Best Defense

Thomas E. Ricks' daily take on national security.

The dynamics of Native American military effectiveness: Horses from the southwest, firearms from the northeast

It’s a rare and joyous thing when you can read an article that changes how you look at an entire subject. This happened to me a couple of days ago when I read an article that one of youse recommended, “The Inter-Tribal Balance of Power on the Great Plains, 1760-1850,” by Colin G. Calloway.

Frederic_Remington_-_The_Parley_-_Google_Art_Project
Frederic_Remington_-_The_Parley_-_Google_Art_Project

It’s a rare and joyous thing when you can read an article that changes how you look at an entire subject. This happened to me a couple of days ago when I read an article that one of youse recommended, “The Inter-Tribal Balance of Power on the Great Plains, 1760-1850,” by Colin G. Calloway.

It’s a rare and joyous thing when you can read an article that changes how you look at an entire subject. This happened to me a couple of days ago when I read an article that one of youse recommended, “The Inter-Tribal Balance of Power on the Great Plains, 1760-1850,” by Colin G. Calloway.

I’ve read a few books on American Indian wars, but none of them hit me like this short article. The key points of the article are:

— “The culture of equestrian nomads of the Great Plains was relatively short-lived.”

— “the spread of horses and guns [caused] great upheavals in native power structures”

— “The flow of horses on to the plains from the southwest and the diffusion of guns from the northeast meant that the location of a given society had a great effect on its survival potential.”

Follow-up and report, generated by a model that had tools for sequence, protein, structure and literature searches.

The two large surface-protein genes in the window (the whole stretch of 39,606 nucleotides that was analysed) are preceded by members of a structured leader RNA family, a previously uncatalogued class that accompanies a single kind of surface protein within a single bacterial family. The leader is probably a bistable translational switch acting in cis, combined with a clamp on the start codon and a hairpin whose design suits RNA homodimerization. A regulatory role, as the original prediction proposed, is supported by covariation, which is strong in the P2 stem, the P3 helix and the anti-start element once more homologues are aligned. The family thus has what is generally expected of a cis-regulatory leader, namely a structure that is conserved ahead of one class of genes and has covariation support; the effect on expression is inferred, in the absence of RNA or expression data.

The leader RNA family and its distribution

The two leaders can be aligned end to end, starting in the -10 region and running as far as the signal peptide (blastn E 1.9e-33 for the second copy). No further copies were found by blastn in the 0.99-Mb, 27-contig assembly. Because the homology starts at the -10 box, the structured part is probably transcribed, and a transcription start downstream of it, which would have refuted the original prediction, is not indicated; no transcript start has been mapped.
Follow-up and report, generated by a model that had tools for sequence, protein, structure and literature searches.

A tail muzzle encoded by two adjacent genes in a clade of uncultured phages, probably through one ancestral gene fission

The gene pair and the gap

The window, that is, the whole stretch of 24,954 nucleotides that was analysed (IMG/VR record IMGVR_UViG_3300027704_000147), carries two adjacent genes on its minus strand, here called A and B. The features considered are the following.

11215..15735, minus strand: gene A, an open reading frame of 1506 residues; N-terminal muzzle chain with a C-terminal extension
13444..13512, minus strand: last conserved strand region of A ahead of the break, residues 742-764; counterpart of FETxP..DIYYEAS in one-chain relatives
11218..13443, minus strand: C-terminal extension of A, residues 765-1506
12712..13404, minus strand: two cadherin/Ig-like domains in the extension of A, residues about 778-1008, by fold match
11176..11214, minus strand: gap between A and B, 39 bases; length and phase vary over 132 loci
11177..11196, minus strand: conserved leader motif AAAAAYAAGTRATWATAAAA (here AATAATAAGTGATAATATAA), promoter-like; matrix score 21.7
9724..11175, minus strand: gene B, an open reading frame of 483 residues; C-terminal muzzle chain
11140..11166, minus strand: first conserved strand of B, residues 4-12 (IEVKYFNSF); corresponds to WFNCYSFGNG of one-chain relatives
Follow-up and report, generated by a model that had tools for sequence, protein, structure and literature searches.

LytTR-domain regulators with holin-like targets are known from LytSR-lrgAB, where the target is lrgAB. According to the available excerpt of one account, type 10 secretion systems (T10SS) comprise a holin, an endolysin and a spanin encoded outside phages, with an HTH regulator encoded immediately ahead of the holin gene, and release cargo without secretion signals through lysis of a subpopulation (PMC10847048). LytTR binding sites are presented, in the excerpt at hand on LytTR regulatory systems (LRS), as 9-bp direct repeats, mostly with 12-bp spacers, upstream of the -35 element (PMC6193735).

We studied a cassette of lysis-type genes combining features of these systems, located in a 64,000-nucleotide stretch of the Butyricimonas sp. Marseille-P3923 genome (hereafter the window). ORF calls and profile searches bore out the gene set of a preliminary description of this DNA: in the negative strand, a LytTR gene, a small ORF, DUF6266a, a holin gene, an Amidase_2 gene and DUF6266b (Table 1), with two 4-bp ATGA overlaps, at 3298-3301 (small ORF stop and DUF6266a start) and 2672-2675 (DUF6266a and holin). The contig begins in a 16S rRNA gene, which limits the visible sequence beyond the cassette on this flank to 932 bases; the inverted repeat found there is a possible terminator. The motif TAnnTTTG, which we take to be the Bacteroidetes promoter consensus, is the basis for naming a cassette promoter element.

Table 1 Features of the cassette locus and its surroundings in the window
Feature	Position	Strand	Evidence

— “the Comanche . . . were the richest tribe in horses”

— When the price of wolf skins dropped in London, “The Atsina found that their wolf skins now brought them far less in trade than did the beaver pelts of their Cree enemies, and, as a consequences, the Cree were able to attain superiority in firearms.”

— “A major reason for the decline of the village peoples was the fact that they were more vulnerable to epidemics than were the scattered nomads.”

— “By the mid-nineteenth century the Sioux had reached the height of their power. . . . Nor was the Sioux/American clash a case of white civilization robbing innocent savages of lands they had held from time immemorial. It was a clash of two expanding empires, with the most dramatic battles occurring on lands only recently taken by the Sioux from other tribes…. The victory of the U.S. Army was only hastened by the face that many plains tribes regarded the Sioux, and not the Anglo-Americans, as their greatest threat.”

Frederic Remington/Wikimedia Commons

Thomas E. Ricks covered the U.S. military from 1991 to 2008 for the Wall Street Journal and then the Washington Post. He can be reached at ricksblogcomment@gmail.com. Twitter: @tomricks1

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